How long do you typically spend in the waiting room of a doctor’s office? In how many cases was the visit superficial, as in a prescription refill or confirmation of an illness you already suspected? And if you’re a parent, sitting with a sick child (or having your child present during your own appointment out of necessity) every extra moment in that waiting room is painful.


And being in the comfort of your own home before, during, and after your appointment means that you haven’t been exposed to other more seriously ill patients. In cases where your own condition is serious, home visits and prescription delivery can supplement the Virtual Health Care process.


Socially Distanced In-person Diagnostics


We also can’t have a conversation about Virtual Health Care without conceding that it won’t always be the solution. While we will likely one day move past the need for doctors to manually evaluate swollen lymph nodes or sprained joints, some tests may always need a human touch.


Today’s x-rays and scans will eventually be upgraded to the point of an imaging tool being able to diagnose just about anything. But we’re not there yet, and so we need to adapt what we have.


Until we can administer vaccines with robots, the calming presence of an experienced nurse is ideal. (Although we do advocate managing vaccination anxiety with VR tools.)


Currently, medical tests like blood draws or ultrasounds – while advancing in both accuracy and comfort – must still be performed by experts, in person. And complicated scans like MRIs may never be possible with personal computing devices.


At the moment, all these in-person medical visits have layers of protection and protocol. Will those requirements be relaxed and medical tests return to normal? Or should new technology be implemented to both meet current health and safety needs and better prepare us for future restrictive situations?


Contactless Treatment & Ongoing Care


Beyond diagnostics, many rehabilitation and physical treatments must be carried out in person, or at a minimum, with supervision. Fortunately, we have technology solutions to employ here as well, including Virtual Reality and augmentation.


Virtual Reality can also be used to enhance indoor fitness and exercise routines. Whether that fitness is part of a therapeutic or preventative program, the incorporation of technology has proven value beyond a simple cool factor.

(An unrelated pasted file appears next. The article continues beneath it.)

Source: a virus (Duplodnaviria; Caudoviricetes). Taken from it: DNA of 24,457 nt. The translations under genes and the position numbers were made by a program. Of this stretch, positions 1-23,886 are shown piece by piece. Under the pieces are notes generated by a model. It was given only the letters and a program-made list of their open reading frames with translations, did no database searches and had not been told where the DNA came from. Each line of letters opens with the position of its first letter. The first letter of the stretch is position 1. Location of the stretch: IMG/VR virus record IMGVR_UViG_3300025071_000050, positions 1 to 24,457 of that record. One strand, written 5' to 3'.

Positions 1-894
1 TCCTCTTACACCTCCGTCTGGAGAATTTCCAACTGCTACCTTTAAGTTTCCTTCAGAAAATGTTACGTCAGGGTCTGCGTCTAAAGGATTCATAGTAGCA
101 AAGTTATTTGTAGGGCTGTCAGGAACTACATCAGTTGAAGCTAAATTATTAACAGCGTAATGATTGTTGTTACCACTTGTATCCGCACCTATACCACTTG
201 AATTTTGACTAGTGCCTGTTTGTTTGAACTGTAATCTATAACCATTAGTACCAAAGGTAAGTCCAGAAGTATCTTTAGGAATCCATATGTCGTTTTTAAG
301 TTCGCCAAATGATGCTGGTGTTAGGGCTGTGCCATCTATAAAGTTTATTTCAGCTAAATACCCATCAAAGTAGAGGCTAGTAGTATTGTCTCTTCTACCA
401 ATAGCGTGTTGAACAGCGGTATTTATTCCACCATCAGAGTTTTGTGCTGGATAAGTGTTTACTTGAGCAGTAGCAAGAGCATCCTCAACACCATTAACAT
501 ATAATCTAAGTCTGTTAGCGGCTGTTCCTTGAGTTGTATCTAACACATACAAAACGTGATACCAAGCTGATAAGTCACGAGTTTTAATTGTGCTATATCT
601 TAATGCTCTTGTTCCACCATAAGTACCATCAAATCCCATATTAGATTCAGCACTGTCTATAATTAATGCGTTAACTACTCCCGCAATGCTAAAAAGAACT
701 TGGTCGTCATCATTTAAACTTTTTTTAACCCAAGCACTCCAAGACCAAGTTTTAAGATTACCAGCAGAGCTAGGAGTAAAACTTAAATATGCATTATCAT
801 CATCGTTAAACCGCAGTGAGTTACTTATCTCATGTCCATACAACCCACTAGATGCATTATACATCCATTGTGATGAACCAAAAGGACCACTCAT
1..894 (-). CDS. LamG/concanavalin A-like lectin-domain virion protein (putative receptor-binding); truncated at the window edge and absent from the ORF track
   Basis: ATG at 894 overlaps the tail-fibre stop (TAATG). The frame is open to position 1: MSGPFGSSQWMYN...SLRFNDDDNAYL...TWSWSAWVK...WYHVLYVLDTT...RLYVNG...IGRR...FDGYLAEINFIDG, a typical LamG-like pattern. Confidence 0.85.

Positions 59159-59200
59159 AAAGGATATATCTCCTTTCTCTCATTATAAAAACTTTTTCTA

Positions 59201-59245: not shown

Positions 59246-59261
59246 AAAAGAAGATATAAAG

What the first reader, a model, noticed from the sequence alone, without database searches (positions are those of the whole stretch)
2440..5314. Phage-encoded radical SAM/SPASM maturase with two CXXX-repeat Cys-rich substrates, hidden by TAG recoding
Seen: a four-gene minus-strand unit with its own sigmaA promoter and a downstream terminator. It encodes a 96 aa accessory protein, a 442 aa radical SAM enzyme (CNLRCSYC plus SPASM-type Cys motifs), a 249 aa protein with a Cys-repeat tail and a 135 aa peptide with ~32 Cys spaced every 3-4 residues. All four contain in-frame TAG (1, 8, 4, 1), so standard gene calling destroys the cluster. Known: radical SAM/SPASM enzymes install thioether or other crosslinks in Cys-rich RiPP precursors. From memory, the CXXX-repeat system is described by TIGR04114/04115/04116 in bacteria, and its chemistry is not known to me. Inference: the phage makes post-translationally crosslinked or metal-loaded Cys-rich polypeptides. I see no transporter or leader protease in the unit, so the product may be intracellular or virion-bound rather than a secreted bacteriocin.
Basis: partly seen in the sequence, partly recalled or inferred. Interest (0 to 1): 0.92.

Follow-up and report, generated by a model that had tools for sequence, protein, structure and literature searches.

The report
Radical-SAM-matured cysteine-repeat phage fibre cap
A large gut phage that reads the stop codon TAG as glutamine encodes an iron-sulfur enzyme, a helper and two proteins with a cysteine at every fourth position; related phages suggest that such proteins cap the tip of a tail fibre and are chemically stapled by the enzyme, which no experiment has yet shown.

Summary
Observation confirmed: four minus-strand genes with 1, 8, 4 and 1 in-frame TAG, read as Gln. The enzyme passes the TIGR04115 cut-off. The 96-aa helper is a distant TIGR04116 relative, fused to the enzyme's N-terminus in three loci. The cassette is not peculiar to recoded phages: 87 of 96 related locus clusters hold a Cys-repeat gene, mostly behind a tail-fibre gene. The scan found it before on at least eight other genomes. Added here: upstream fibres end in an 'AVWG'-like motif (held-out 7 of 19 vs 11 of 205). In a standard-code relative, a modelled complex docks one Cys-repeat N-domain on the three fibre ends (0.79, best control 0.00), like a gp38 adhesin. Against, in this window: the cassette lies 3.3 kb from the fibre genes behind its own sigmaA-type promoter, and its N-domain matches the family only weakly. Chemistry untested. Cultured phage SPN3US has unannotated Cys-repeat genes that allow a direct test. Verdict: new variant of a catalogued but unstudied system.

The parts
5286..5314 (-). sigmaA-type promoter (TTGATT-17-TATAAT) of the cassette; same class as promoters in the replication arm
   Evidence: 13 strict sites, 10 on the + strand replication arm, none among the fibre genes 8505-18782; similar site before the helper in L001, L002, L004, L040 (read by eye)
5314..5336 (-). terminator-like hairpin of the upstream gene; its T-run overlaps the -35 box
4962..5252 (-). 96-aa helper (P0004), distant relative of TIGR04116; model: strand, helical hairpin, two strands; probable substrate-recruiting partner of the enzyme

Our society is just beginning to scratch the surface of what smart homes, with devices connected to the IoT, can do to improve our quality of life. Automated assisted living grew out of the concept of an avatar-enabled virtual assistant, adapted to monitor an individual’s health and well being.


We hope to see these solutions expanded to more real-world uses, specifically the last example given the current vulnerability of long term care homes and the stresses exposed by Covid-19.


Transformation to Virtual Health Care


Fast and safe rarely go hand in hand. And this holds true for upgrading any medical practice with the tools we’re talking about above. Incorporating new hardware and/or protocols must be planned carefully. Transformation takes time and requires all the associated experts.


Guidelines from federal, provincial or state, and municipal bodies will dictate much of what doctor’s offices and clinics must conform to in order to operate during Covid-19, and likely going forward with the prevention of future pandemics in mind.


But where medical professionals have the discretion to go above and beyond, technology can be there, threading advancements into every facet of care and cleanliness. The investment required to make the change to Virtual Health Care could be likened to green building or green lifestyle upgrades; the money spent up front will come back over time, eventually turning into long term cost savings.


If we fail to find solutions to deliver affordable, effective health care to all walks of life all around the world, we will likely face more pandemics and crises in the future.


Technological Transformation Planners


At Stambol, we are more than optimists, we’re planners. Helping clients build strong business foundations is what we do. And beyond any one business, we want to be part of solutions that build a better world. What could be more important than democratizing health care?


In 2018, we launched an XR Lab incubation studio in partnership with Surrey, BC’s Health & Technology District. We saw the need for facilitating health technology then and we still believe there is immeasurable value in this area.


Are you curious about how technology (spatial computing and beyond) can reshape your health or wellness business? Do you want to know what you can change today that can make your practice stronger tomorrow?


Ask a Stambol innovator how technology products of all shapes and sizes can transform your practice on multiple levels. From a small-town doctor’s office to a busy urban clinic, we want to help you employ technology so that you can get back to helping people.


Feature Image Credit: daniilvolkov / Adobe Stock